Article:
About this car
My name is Mark Goff. I purchased this Buick in December of 2000 from John Pascucci of Classic Car Sales in Connecticut. He had purchased it from an estate where it had sat in a field for 45 years, covered for awhile and then not.
It was one of those moments when you see photographs of something that is really incredible, and you know that it is way beyond your ability and knowledge base to handle such a resurrection, and you know you should not even consider purchasing it. But somehow my hands were picking up the phone and dialing. Somehow a transaction was in process. Somehow I suddenly owned a 1934 Buick convertible and I was talking to an auto transport company… The day came when the transport truck arrived and the Buick was delivered to my home in South Pasadena California. All of the neighbors gathered around as the transport doors were opened and the car silently slid out of its berth and into my driveway. I clearly remember two things happening… everyone, myself included, just stared at the Buick, even in its sad state it still had this thing about it, the beauty of the lost art of the automobile. It was all there and you could not help but want to explore, touch, and wonder how it was possible that such an incredible machine was left open to the elements for all those years.
The second thing I remember was my Ex stating loudly enough for all to hear… “what a Rusting Hunk Of Shit”. Right then and there the Buick had a name, RHOS, pronounced “Ross”, and it has been fondly referred to by this name ever since.
Life changes and moves forward. I quickly realized what I always knew… This was not a project I could even think of tackling, and a professional restoration was not financially feasible. Many thing in my life changed in 2002 and RHOS was put into a container and stored away at a storage facility. As we moved North to the wine country, RHOS stayed behind in Los Angeles where he still resides today.
17 and a half years later a very kind member of the Antique Automobile Club of America, Greg LaRiviere, AACA GregLaR, offered to go to the container and take photographs. I had had photographs at one time, but two computer meltdowns ago I lost them. Greg and his wife, I hope with some sense of excitement, opened RHOS’s container and were presented with the first image in the gallery below. The Buick is sitting on tires that lost their air long ago, and is actually strapped down to the floor of the container, so Greg climbed into the container and shimmied his way around to take pictures of a car that has not seen daylight in ages.
What I know
In 1934 Buick produced four different series, the 90, the 60, the 50, and the low end 40 series. This convertible Buick roadster, with a rumble seat, is a 50 series with a 119” wheelbase. If memory serves me correctly, it is number 234 of 589 produced. The engine is a 235.3 cubic inch straight 8, is it frozen?… I haven’t seen it in over 17 years, so honestly I do not know.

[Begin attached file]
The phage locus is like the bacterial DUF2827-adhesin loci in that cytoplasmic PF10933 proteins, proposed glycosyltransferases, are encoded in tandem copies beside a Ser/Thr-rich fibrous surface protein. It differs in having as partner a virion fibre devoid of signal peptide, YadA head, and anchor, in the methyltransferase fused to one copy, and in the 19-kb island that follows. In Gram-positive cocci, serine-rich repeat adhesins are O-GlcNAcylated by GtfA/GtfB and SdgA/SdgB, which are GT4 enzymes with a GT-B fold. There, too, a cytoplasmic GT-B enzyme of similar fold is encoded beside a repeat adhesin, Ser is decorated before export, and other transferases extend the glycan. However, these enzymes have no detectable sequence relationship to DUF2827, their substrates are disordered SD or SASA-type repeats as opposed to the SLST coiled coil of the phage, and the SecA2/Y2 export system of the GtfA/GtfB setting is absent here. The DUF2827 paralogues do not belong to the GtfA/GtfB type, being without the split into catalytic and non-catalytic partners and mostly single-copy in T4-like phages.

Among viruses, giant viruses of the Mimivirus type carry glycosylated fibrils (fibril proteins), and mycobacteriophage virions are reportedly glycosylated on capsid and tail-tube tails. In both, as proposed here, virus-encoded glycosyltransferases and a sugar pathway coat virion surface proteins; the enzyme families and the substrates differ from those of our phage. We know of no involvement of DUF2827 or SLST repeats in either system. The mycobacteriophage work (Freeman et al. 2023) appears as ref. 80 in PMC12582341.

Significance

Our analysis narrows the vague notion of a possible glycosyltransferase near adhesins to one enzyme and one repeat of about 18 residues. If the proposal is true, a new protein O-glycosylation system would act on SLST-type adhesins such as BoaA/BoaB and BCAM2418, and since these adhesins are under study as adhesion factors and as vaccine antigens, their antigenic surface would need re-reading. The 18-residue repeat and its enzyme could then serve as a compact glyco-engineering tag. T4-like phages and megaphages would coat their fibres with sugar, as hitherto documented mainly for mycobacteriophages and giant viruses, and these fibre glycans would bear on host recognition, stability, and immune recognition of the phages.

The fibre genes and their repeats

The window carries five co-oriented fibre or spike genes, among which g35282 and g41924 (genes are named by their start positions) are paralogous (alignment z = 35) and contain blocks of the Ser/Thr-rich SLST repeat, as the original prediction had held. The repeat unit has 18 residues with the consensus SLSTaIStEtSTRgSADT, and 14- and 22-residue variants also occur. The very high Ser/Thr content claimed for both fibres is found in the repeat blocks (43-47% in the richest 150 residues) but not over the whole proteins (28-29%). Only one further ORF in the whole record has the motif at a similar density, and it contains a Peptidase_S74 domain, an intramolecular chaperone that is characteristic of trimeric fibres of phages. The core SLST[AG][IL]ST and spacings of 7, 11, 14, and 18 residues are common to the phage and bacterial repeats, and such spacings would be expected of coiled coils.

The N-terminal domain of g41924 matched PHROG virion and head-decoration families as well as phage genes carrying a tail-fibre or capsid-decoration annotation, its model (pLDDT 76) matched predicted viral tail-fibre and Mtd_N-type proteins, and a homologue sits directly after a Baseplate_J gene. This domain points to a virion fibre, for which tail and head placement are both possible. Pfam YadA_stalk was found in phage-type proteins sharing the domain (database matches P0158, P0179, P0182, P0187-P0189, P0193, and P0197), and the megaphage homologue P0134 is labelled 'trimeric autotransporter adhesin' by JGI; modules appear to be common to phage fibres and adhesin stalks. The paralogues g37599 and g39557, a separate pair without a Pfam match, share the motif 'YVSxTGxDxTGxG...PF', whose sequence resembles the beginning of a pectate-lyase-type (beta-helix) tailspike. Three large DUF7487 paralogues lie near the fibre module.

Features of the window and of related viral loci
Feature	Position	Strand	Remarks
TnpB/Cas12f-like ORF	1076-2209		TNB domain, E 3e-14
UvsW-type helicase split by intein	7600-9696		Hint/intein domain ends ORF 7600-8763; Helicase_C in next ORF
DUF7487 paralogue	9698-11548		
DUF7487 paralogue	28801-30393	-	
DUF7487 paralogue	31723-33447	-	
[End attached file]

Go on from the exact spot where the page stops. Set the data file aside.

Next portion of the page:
The photographs speak to the condition of the car. It is very rough, and yet at least 95% or better complete, right down to the cigarette lighter, and the trunk for the luggage rack, there are actually two, one is correct, the other a mystery. The original color of the car was a dark green, as marked on the information plate. The light blue, which I think is a faded darker blue, is also a mystery, as it is painted right over the old paint. And there is a long involved story regarding the rear window for the convertible top which I will tell to the next owner.
This car had a wood frame for the body panels. Some of it is still there, some not. However, there are a number of publications with photographs, drawings, and some specs for the wood body frame. There are also people out there that have made these frames and could be fantastic resources, or even do the work.
The car is in the hands of Mobile Mini in Rialto California, and to be clear, I do NOT own the container.
Greg LaRiviere, AACA member GregLaR, spoke to me about the car after he photographed it, and thought the Buick is a wonderful work of automobile history, and regardless of restoration cost, very worth the time and money.
Questions? Contact me below.
What I want
After living in Northern California for 10 years it is time for a new adventure. Our home is currently on the market, and once we sell we will be moving to Europe (the Southwest of France) to try our hands as Innkeepers. Many things will go with us including our 1958 GMC truck, but taking the Buick with us is not a wise choice.
I am looking for a new home for RHOS…
UPDATE… Rhos has a new home to go to and will be making yet another road trip, this time to Minnesota. I have offered to keep this site up and running for the new owner, and evolve it into an ongoing documentation of the restoration of that “Rusting Hunk Of Shit” better known as… RHOS